Posts Tagged ‘target market’

The Minutiae of Personal Branding: Say Who You Are and Get What You Want!

February 28, 2010 78 comments

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By Marquis Codjia

In today’s corporate world, workers need to relentlessly seek new ways to shape not only their careers but also how fast and dynamic their professional evolution shifts. They need to differentiate themselves while also appearing to be interested in the effectiveness of collective labor. Put simply, they can’t be remarked as individualists within the corporate world even though every tad of social pressure outside their workplace incentivizes them to act individualistically.

Clearly, they need to position themselves, in the strictest sense of the marketing verbiage.

In marketing, positioning a product or a brand refers to the ways and the means that a business enterprise utilizes to create an identity of that product or brand in the minds of a target market. In other words, effective positioning allows firms to make their clientele believe what they would like them to believe. Simple as that.

There exists at the moment an abundant literature in the fields of psychology, communication, social leadership and personal branding, among other social sciences, which deals at length with the advantages of effective personal positioning. Politicians, celebrities and corporate executives routinely learn the nuts and bolts of sophisticated positioning techniques to give a big forward-leap to their careers and improve markedly their social standing.

What we’re attempting to analyze here relates to how best an individual can comport him/her-self to seize most opportunities in life and in their socio-professional journeys. We do not posit that not actively engaging in branding diminishes one’s chances; sometimes, “staying put”, not doing anything may turn out to be the best thing to do!

Interestingly, the best positioning technique for individuals turns out to be actually deep-seated in the much acclaimed marketing mix concept developed in 1960 by prominent American marketer E. Jerome McCarthy, which revolved around the 4 P classification: Product, Price, Place and Promotion.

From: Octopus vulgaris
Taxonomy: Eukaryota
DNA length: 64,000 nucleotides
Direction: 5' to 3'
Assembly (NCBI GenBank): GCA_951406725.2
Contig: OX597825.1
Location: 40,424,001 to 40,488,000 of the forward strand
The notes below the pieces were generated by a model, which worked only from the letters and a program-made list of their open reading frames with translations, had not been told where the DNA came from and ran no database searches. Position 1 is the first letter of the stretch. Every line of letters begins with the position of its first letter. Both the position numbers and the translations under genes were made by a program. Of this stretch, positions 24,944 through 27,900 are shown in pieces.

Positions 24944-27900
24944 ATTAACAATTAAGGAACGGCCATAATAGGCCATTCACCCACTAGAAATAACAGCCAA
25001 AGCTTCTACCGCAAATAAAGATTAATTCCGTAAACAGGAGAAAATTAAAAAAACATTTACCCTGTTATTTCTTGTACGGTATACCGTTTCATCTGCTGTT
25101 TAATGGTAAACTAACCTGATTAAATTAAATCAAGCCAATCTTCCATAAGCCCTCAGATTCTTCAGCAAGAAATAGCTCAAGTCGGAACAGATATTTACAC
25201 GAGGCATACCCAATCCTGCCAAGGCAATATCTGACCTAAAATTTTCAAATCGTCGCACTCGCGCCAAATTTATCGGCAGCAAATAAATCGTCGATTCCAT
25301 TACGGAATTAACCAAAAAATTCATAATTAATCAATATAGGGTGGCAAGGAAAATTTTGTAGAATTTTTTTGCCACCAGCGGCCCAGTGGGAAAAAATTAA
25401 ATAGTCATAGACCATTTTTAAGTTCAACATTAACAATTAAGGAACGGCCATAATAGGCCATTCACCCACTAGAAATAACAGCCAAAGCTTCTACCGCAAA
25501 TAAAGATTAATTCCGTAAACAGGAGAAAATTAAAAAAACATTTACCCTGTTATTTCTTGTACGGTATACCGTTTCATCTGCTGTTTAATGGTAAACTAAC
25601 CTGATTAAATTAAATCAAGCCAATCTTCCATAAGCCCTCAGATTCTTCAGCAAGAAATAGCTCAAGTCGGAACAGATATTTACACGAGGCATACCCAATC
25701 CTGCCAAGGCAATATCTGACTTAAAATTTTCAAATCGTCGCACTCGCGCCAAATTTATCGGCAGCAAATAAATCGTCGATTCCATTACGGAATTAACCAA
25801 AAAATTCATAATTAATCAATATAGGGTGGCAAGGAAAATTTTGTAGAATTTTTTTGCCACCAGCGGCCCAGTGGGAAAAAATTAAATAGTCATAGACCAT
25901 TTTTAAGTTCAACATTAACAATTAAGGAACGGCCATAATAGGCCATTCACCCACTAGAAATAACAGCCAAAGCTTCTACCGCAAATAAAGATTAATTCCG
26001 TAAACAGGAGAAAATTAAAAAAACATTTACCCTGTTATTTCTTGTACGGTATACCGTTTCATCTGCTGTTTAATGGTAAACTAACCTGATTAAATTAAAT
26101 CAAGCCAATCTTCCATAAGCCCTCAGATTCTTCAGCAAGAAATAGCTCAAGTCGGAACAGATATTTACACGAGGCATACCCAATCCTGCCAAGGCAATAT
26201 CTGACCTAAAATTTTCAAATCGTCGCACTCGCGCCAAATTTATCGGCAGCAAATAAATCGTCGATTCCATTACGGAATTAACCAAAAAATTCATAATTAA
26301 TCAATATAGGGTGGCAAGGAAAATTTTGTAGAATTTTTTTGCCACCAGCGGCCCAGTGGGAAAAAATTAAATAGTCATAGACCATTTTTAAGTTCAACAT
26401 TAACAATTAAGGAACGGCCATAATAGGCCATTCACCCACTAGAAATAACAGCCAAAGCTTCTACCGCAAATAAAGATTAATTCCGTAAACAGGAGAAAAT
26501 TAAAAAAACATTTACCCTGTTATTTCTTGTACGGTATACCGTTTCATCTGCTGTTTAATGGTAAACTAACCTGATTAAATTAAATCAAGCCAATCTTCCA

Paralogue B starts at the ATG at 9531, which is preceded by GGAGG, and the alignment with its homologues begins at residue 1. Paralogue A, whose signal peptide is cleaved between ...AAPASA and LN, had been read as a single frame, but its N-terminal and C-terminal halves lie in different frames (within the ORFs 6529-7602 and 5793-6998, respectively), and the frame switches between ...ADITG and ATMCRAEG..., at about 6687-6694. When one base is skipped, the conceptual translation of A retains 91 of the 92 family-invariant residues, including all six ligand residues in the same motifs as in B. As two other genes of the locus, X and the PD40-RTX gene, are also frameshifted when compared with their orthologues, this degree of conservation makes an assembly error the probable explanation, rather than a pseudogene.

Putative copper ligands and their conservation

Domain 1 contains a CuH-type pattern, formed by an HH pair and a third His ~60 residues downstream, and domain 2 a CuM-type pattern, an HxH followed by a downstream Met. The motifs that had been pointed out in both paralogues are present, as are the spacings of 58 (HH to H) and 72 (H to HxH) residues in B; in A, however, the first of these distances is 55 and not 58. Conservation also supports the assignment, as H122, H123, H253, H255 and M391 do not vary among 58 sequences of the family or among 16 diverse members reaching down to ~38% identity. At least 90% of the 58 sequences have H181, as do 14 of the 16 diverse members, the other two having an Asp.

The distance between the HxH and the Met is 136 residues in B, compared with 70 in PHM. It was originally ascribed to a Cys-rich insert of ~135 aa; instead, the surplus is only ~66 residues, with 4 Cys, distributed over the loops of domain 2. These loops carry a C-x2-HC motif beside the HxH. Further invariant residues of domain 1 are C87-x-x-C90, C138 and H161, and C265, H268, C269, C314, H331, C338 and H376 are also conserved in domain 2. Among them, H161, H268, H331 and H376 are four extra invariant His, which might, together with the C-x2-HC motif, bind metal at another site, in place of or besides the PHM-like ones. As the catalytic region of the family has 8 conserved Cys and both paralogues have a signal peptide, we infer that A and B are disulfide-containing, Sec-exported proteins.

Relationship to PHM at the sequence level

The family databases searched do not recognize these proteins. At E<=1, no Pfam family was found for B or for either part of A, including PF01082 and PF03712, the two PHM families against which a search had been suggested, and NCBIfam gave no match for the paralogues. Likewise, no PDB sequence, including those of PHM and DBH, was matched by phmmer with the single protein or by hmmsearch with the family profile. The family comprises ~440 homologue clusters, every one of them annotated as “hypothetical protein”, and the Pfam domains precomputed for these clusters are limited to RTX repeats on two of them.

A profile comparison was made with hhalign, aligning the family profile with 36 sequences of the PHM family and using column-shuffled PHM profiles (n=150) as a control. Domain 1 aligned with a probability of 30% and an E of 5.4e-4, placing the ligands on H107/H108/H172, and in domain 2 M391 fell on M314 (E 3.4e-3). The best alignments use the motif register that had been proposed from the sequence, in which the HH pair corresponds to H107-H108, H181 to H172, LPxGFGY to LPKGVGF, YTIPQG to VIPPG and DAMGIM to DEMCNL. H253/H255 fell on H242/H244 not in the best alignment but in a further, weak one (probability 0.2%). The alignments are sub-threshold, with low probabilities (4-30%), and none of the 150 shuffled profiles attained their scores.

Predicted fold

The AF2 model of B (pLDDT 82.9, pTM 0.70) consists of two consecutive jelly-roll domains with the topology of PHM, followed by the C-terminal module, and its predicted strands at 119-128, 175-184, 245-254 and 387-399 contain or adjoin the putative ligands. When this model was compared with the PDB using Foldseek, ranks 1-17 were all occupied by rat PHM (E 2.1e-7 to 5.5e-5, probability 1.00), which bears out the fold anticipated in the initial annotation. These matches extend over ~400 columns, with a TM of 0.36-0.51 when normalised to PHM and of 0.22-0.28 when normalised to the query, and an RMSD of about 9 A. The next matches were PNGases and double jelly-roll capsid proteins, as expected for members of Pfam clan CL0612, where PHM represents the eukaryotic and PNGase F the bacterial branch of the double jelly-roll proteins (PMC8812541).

Combining these four precepts with a certain degree of shrewdness and competence will get the determined individual in you most of what you want if you know how to say who you are.

Know who you are

A very famous and old European proverb read cucullus non facit monachum, the cowl does not make the monk. This literally means that individuals cannot be judged or regarded a certain way because of the quality of their garments. Or rather should not. Though this medieval sage saying may have been veridical in specific circumstances at a certain time, history and social experience teach us that the cowl you wearing actually tells a great deal about what kind of monk you are.

Hence you still need to wear a certain type of cowl to position yourself adequately.

The first step in crafting your personal positioning vis-à-vis others is to know intimately your intrinsic pros and cons. In other words, your strengths and your weaknesses. This step is crucial because it helps you take the veil off your own limits while understanding your core qualities. Having a solid understanding and a firm grasp of one’s qualities shields us from being (negatively) surprised when others describe our human traits in less flattering terms. Also, this exercise helps identify and correct the ‘weakest links’ in our personalities and accentuate the forte.

Set your price tag

One thing you must gauge in your interactions with fellow workers or friends is how much you value yourself. How cheaply or expensively you value yourself is closely tied to how you’d like other folks to judge you. Think about this process in terms of education, family upbringing, and professional affiliations.

This step is equally pertinent because it is positively correlated to our external perception; employers routinely will set compensation levels based on your academic background, among other factors. Thus, get the necessary knowledge in the fields that are important to you so as to raise your “price tag” or salary expectations.

Be at the right place at the right time

Defining yourself a certain way and acquiring the necessary know-how to heighten your salary expectations and social status goes hand in hand with maintaining a certain lifestyle. You must thoroughly pick your acquaintances and the areas know where you are seen.

Know where you hang out. Depending on your industry, you should know where you are. That entails what networking abilities you should develop and what professional or social organizations you should belong to.

Promote yourself

Promotion within the corporate landscape refers to the communication systems and styles you use on a daily basis. It’s ingrained in your verbal and non-verbal abilities; it’s your communication style. Personal communication also involves your reputation.

It encompasses how you spread information about yourself, be it in your regular everyday life or online, especially in social portals or forums like Facebook. You must strive to talk the same jargon as the individual you’re attempting to create in you. Simply stated, the industry you’re trying to enter has to have the same language as you.